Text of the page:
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Is tech M&A positioned for an upturn?

Roy Harris | Nov. 30, 2011
If many U.S. deal-watchers have been shaking their heads at the lower overall numbers for technology-based merger transactions closing in the third quarter, there are some who believe that underlying trends carry hope for a potential revival of M&A in the sector.

'Transformational' Deals

Ticking off the giant deals announced in the quarter, PwC sounded positive about the possibility that they may increase in the near future.

Leading the "transformational deals" announced was Google's $12.5 billion acquisition of Motorola Mobility, a dedicated Android partner spun off by Motorola less than 10 months ago. "The acquisition represents Google's first entrance into the hardware market with the pending addition of Motorola's suite of mobile products," the PwC report said.

As Hewlett-Packard announced that it plans to consider a spin-off of its PC division (later cancelled), it also announced the acquisition of UK software provider Autonomy Corporation for $11.7 billion in cash.

In addition, Broadcom announced the acquisition of NetLogic for $3.9 billion, expanding the chipmaker's market share in the growing segment of streaming video and data.

Private Equity Factors

"While corporates drew attention with some of the largest technology deals announced in several years, private equity firms remained active, with several deals topping $1 billion being announced during the quarter," PwC said. They include:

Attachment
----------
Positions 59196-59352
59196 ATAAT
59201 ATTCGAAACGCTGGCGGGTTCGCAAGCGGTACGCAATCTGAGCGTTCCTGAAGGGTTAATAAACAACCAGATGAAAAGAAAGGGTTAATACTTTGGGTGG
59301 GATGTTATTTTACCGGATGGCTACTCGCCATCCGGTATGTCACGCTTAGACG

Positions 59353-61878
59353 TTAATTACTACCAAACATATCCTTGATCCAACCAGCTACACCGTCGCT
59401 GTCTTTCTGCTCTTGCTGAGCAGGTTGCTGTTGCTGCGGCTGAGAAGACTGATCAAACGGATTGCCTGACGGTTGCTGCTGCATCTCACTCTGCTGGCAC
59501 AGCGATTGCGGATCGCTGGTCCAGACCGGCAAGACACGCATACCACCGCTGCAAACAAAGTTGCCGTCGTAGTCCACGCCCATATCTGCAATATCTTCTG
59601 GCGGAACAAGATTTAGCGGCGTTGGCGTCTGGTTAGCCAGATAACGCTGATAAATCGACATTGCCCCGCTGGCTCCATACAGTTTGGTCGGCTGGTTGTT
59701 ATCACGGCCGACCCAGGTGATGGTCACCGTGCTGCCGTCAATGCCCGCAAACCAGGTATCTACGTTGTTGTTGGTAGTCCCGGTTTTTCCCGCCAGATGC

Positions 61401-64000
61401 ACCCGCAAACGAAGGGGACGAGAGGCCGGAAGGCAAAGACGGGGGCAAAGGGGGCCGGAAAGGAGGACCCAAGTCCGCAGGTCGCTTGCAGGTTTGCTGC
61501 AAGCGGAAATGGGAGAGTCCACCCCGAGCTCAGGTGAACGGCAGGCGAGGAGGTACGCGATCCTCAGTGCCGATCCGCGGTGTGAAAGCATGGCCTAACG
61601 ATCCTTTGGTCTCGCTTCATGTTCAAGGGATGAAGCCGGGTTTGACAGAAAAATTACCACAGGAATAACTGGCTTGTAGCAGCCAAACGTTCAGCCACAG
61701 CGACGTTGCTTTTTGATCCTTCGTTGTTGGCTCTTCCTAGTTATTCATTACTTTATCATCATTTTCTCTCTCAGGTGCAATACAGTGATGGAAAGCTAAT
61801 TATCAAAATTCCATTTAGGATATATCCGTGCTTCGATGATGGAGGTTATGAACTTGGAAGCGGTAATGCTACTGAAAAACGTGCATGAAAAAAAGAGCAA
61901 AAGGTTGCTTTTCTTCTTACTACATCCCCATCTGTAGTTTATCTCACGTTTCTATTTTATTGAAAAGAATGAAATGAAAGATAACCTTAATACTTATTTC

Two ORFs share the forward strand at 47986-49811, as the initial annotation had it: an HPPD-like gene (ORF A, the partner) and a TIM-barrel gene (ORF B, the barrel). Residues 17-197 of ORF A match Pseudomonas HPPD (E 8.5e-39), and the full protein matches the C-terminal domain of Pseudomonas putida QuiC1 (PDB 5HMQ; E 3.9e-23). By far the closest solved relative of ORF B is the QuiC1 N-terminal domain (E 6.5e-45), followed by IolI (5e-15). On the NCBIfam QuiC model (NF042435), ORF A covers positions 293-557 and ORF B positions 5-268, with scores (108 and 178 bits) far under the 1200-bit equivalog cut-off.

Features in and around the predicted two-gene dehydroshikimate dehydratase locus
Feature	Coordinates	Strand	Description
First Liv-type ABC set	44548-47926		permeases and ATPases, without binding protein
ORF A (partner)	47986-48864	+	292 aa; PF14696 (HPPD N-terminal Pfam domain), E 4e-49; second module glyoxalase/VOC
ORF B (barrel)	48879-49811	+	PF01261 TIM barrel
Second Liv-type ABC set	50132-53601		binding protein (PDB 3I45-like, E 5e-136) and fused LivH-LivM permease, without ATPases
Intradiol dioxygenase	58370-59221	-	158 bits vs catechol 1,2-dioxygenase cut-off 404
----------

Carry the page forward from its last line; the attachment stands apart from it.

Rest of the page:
• Blackstone's acquisition of healthcare revenue and payment cycle management company Emdeon in a public-to-private transaction valued at $3 billion.
  • Providence Equity Partners' $1.6 billion acquisition of Blackboard Inc.; Providence announced the deal before completing its $1.9 billion public-to-private acquisition of SRA International announced in Q211.
  • Hellman & Friedman's acquisition of Sungard's Higher Education business for $1.8 billion in a transaction that will combine the company with existing portfolio company Datatel.

Among the largest deals that closed in the quarter:

  • Texas Instruments' acquisition of analog chipmaker National Semiconductor for $6.4 billion.
  • CenturyLink's $3.2 billion deal, in cash and assumed debt, for Savvis, improving CenturyLink's managed hosting and colocation services.
  • Golden Gate Capital and portfolio company Infor's acquisition of Lawson Software for $1.9 billion.
  • Electronic Arts' $1.3 billion deal for PopCap Games, in that industry's largest acquisition since the merger of Activision and Vivendi.

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